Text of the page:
I will here state to what extent the style of living which he presented stands out in striking contrast to the ostentatious manner of the Persian. (1) In the first place, if the latter made a solemn affectation of being but seldom seen, Agesilaus delighted to live in the eye of day, believing that seclusion might accord well enough as a screen for shameless conduct, but to a life of nobleness and beauty (2) heaven's light added new ornament. (3) And next, if the one prided himself on being unapproachable, the other rejoiced in being accessible to all the world; the one, with his airs and graces, was pleased to transact business slowly, the other was never so happy as when he could satisfy the demands of a petitioner without waste of time. (4)

 (1) Or, "how he presented his own manner in antithesis to the false
 pretences of the Persian." For {alazoneia} see "Mem." I. vii. 1;
 Aristot. "N. E." iv. 7; Theophr. "Char." vi.
 (2) Lit. "a life striving towards beauteousness."
 (3) Or, "added but greater lustre."
 (4) Lit. "could satisfy and dismiss his petitioners without delay."                                

Again, it is worthy of observation how much easier and simpler to satisfy was the standard of comfort which the Spartan aimed at. (5) For the Persian, men must compass sea and land to discover some beverage which he will care to drink; he needs ten thousand pastrycooks to supply the kick-shaws he will deign to eat; and to procure him the blessing of sleep no tongue can describe what a world of trouble must be taken. But Agesilaus was a lover of toil, and therefore not so dainty; the meanest beverage was sweet to his lips, and pleasant enough to his taste was the chance fare of the moment; and for the purpose of refreshing slumber every place alike conducive. It was not merely that to fare thus gave him pure pleasure, but in the sense of contrast lay a double satisfaction. Here was he roaming earth freely in the midst of a world of delight, (6) and there lay the Persian, under his eyes, who to escape a life of pain must drag together from the uttermost parts of earth the separate ingredients for his pleasure. It was another source of joy that to himself it was given to confront the appointed order of the universe (7) without pain; while through weakness of soul his rival, it was plain to see, was driven to flee away from heat and cold, and to shape his life, not by the pattern of brave men, but of some mean and defenceless animal. (8)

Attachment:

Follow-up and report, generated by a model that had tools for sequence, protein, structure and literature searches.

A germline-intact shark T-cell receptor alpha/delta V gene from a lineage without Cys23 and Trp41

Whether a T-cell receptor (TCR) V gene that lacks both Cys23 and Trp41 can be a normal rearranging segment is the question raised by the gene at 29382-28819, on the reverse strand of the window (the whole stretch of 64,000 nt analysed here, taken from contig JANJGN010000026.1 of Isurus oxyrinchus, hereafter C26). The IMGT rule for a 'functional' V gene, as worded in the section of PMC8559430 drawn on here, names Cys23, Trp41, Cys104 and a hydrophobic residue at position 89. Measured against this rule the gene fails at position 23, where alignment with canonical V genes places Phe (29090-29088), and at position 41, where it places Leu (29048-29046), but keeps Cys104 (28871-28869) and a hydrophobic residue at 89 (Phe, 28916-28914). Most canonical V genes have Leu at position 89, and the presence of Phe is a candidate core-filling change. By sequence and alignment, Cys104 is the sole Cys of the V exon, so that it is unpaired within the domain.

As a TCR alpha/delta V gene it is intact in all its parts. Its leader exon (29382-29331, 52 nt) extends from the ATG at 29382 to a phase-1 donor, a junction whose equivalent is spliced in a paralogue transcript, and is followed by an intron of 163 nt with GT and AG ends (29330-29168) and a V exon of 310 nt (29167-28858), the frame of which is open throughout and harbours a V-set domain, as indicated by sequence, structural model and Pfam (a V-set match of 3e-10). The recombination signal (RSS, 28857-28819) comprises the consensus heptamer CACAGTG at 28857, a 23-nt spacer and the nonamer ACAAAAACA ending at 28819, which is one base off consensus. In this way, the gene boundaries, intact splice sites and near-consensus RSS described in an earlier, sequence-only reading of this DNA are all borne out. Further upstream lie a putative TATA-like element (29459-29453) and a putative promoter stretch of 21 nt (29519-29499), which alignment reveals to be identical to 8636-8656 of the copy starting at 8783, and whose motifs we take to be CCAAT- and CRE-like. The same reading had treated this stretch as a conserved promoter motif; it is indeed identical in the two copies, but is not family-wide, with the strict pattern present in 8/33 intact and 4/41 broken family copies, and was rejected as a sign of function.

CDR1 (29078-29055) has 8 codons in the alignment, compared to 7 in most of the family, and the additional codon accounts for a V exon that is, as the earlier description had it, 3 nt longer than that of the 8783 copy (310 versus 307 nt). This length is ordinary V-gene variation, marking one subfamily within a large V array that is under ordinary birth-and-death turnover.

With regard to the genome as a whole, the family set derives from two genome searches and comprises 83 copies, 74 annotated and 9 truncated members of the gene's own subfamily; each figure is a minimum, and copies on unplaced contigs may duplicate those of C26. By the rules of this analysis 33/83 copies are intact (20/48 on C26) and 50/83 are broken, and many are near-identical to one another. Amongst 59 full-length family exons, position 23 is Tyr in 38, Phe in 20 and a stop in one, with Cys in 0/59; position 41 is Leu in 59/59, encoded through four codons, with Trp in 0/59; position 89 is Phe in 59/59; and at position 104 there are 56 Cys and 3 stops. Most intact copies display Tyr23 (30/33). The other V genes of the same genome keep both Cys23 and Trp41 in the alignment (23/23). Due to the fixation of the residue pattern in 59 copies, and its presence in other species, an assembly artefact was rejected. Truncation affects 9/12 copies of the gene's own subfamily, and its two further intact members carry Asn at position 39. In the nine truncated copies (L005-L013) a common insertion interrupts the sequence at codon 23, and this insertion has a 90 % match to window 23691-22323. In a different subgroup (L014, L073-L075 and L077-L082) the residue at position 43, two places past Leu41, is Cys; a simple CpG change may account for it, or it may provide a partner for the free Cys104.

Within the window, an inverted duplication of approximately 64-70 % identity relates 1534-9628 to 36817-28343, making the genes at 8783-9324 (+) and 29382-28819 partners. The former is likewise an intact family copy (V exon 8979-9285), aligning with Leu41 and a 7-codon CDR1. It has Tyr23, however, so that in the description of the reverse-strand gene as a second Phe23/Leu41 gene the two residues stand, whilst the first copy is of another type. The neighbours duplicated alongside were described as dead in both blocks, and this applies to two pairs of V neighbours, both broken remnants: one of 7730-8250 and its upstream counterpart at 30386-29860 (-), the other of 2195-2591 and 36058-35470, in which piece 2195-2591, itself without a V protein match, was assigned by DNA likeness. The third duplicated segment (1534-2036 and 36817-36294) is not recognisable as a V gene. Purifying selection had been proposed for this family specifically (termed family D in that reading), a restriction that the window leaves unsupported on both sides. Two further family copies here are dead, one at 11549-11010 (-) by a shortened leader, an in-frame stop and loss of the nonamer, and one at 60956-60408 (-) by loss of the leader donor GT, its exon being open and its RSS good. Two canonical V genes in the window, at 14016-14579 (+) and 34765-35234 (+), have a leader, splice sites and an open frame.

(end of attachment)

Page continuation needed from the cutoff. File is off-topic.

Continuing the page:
(5) See Herod. i. 135, for the luxury of the Persians and for the
 refinements of civilisation. See "Mem." II. i. 10; "Cyrop." VIII.
 i. 40.
 (6) Or, "in a round of festivity."
 (7) See Plut. "Ages." xiv.  (Clough, iv. p. 17); "Apophth. Lac." p.
 102; Eur. "Supp." 214, 215.
 {de ou truphomen, theou kataskeuen bio
 dontos toiauten, oisin ouk arkei tade};
 (8) Or, "the most defenceless of God's creatures." Lit. "the weakest
 of animals."                                

And what a fine trait this was in him, and betokening how lofty a sentiment, that, being content to adorn his own house with works and possessions suited to a man, and being devoted to the breeding of dogs and horses in large numbers for the chase and warfare, he persuaded his sister Cynisca to rear chariot horses, (9) and thus by her victory (10) showed that to keep a stud of that sort, however much it might be a mark of wealth, was hardly a proof of manly virtue. And surely in the following opinion we may discern plainly the generosity of him who entertained it. To win victories over private persons in a chariot race does not add one tittle to a man's renown. He, rather, who holds his city dear beyond all things else, who has himself sunk deep into the heart of her affections, who has obtained to himself all over the world a host of friends and those the noblest, who can outdo his country and comrades alike in the race of kindliness, and his antagonists in vengeance—such a man may, in a true sense, be said to bear away the palm of victory in conquests noble and magnificent; living and in death to him belongs transcendent fame.

 (9) I.e. "for the games."
 (10) I.e. "at Olympia." Cynisca, according to Pausanias  (iii. 8), was
 the first woman who won a prize at Olympia. See also Plut. "Ages."
 xx.  (Clough, iv. p. 23).